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Article
May 7, 1927

SKIN REACTIONSWITH FILTRATES OF CULTURES OF KOCH STRAIN OF TUBERCLE BACILLUS GROWING IN LONG'S SYNTHETIC MEDIUM

Author Affiliations

CHICAGO
From the John McCormick Institute for Infectious Diseases.

JAMA. 1927;88(19):1468-1469. doi:10.1001/jama.1927.02680450012005
Abstract

A report1 was made recently of the reactions obtained on intracutaneous injection of filtrates of cultures of the Koch strain of tubercle bacillus growing in nutrient broth containing 0.1 per cent of dextrose and 0.1 per cent of dibasic sodium phosphate in place of sodium chloride. Since then, further observations have been made with filtrates of cultures of the same strain growing in Long's synthetic medium.2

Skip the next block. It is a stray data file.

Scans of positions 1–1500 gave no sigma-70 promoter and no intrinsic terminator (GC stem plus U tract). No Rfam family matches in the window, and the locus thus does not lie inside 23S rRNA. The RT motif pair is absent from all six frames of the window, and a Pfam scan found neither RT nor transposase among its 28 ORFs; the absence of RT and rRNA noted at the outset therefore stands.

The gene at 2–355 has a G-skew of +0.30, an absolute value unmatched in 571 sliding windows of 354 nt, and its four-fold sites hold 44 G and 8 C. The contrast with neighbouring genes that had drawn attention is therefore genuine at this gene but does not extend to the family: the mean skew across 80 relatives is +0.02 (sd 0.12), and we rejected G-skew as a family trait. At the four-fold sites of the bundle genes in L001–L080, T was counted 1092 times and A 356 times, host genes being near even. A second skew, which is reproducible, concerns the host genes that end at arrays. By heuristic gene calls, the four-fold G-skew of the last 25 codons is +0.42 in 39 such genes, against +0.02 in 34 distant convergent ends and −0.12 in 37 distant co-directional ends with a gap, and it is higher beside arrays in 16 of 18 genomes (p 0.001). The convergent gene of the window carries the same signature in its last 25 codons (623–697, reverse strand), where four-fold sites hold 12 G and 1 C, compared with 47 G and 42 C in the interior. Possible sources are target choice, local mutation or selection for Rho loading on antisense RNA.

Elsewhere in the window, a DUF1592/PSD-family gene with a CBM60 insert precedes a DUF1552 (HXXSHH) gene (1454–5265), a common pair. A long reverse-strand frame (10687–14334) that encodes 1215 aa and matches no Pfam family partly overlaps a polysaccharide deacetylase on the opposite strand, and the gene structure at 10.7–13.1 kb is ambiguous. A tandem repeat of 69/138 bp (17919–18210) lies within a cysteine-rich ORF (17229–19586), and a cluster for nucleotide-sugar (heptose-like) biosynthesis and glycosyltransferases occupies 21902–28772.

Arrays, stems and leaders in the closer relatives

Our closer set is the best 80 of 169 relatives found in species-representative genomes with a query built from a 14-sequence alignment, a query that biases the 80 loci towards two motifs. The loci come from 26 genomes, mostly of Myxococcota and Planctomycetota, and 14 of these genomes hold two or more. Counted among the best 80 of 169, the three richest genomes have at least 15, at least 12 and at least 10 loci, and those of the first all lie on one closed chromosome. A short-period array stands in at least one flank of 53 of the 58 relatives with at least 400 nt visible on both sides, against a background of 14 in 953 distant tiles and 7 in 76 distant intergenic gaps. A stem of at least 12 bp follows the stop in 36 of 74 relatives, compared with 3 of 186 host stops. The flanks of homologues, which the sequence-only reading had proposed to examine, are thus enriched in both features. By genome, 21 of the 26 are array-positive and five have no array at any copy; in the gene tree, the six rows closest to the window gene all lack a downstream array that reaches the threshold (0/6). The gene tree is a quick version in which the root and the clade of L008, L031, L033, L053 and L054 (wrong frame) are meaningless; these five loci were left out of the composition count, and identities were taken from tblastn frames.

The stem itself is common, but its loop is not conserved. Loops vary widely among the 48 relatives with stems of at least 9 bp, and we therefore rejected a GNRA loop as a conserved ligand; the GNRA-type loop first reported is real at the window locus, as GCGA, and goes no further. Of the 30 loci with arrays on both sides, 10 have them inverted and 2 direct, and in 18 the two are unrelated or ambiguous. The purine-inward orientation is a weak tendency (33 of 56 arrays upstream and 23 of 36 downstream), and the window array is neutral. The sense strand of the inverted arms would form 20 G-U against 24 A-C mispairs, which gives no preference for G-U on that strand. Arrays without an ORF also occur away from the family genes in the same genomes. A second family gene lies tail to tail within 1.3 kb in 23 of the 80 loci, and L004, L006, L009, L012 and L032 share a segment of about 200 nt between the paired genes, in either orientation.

The formula for Long's medium is as follows:

A five day growth was passed through Berkefeld N filters and the filtrate diluted with physiologic sodium chloride solution for the skin tests. As a rule, 0.1 cc. of the filtrate, diluted 1: 50, was injected intracutaneously in the forearm, but in persons with a thin skin the arm was more satisfactory.

Within twenty-four hours the majority of apparently normal persons develop, at the site of the injection, an area of redness that varies

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